"Marcus is American."
Translation:Marcus est Americanus.
I don't know if the sentence or the discussion has been reworked or deleted, because the link doesn't work for me.
So, I don't know what has been said, but capitalization of nationalities is not one of the Latin rules, it seems anglicized Latin: adding rules specific to the English language in Latin.
I think they could include the adjective «septentrionalis» before americanus to denote someone from North America. americanus in this context could be South American or Central American.
I think this scheme below is a more culturally neutral one, and also more respectul to Latin American duolinguists:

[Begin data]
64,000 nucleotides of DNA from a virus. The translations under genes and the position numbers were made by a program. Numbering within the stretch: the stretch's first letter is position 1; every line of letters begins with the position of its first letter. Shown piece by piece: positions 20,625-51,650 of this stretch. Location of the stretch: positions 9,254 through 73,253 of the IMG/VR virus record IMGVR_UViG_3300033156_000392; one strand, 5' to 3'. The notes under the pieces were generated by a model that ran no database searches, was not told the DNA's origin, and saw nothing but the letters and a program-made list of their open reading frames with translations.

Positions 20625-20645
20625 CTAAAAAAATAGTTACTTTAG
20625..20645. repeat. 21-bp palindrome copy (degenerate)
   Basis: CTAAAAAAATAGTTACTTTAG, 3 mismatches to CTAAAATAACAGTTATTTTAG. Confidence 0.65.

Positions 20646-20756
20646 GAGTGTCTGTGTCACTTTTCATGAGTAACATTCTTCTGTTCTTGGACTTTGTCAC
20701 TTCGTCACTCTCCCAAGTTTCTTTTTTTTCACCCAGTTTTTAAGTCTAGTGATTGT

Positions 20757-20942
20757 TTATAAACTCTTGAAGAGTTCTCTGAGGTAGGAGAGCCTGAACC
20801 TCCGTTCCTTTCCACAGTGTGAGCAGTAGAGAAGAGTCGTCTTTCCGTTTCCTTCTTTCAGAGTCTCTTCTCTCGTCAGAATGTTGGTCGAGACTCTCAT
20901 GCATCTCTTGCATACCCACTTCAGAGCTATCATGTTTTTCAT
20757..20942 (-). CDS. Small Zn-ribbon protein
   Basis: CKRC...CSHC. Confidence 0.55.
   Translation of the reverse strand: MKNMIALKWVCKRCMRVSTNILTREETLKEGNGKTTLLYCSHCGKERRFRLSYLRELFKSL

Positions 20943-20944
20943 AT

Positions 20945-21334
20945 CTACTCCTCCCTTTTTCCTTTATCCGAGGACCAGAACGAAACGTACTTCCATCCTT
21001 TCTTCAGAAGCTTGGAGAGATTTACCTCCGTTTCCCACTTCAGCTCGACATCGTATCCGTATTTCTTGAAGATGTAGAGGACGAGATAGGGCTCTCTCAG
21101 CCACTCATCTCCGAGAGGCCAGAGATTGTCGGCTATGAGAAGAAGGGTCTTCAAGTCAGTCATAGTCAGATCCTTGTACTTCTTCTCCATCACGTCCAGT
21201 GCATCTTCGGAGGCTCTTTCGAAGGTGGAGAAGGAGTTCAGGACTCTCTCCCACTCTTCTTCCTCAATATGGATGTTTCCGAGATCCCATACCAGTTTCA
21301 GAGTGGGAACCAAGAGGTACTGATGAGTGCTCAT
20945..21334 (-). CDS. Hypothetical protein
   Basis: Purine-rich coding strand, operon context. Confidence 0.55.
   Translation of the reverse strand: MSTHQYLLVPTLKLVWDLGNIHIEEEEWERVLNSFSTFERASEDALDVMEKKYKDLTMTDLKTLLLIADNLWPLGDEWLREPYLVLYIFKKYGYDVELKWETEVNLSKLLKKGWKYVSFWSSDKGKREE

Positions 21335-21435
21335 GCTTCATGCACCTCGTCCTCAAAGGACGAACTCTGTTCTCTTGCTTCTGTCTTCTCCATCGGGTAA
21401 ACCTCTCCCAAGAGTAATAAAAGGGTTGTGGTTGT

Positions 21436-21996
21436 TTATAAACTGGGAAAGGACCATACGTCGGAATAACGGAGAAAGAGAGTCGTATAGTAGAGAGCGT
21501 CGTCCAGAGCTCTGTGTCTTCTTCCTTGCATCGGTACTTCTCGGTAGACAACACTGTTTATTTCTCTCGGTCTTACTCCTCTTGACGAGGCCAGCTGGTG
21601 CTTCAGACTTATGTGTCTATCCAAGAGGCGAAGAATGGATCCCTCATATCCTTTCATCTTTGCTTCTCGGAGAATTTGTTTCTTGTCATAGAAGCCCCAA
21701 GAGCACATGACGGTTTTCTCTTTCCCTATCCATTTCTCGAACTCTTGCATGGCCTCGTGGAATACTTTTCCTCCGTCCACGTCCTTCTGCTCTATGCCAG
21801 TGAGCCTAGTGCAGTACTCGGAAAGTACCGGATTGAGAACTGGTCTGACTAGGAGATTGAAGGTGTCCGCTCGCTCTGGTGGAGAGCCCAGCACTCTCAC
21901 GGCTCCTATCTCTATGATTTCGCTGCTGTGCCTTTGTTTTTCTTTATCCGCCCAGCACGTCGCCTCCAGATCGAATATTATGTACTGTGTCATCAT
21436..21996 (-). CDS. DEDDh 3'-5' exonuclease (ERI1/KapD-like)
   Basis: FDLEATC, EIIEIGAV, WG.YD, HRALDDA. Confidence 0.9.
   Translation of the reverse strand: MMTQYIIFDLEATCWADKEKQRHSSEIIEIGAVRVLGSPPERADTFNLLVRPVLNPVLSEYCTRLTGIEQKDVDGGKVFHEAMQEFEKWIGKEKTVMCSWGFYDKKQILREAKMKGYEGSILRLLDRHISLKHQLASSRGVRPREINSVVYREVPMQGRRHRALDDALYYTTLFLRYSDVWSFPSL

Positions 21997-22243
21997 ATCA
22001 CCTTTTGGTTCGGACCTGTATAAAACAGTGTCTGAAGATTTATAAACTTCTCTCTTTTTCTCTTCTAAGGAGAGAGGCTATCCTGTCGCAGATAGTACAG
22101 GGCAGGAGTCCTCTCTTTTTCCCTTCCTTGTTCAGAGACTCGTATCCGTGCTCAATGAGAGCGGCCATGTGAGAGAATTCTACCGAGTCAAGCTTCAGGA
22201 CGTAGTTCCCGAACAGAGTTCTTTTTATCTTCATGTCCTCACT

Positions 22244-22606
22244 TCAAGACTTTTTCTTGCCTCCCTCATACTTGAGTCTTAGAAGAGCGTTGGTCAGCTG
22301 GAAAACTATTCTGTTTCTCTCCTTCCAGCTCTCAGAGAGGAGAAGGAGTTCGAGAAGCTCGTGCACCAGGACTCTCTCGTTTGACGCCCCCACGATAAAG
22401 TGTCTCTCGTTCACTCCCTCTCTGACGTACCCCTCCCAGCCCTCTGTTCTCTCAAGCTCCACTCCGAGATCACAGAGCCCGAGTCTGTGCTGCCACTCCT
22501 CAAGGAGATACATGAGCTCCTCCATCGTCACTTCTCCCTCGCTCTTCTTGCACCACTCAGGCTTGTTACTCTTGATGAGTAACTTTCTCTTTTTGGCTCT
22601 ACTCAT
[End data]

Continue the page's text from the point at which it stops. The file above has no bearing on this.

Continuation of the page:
North American: americanus septentrionalis
Central American: americanus centralis
South American: americanus australis aut americanus meridianus, nec confundātur cum vocabulo «australis», quod significare potest australianus, persona ex natione sita ad austrum. Praefero tamen primum vocabulum.
I'm sure this has been mentioned elsewhere but I'll say it anyway. The use of America (and associated names) is ridiculous given that the word wasn't coined until a millennium after the end of the Roman empire. What about using just Eboracum for York. Also Londinium - London, Britannia - Britain, Belgica - Belgium, Carthago - Carthage, Alexandria, Aegyptus - Egypt and so on? Learning Latin is not just about learning a language. Its much more than that; about the history and geography of an ancient empire.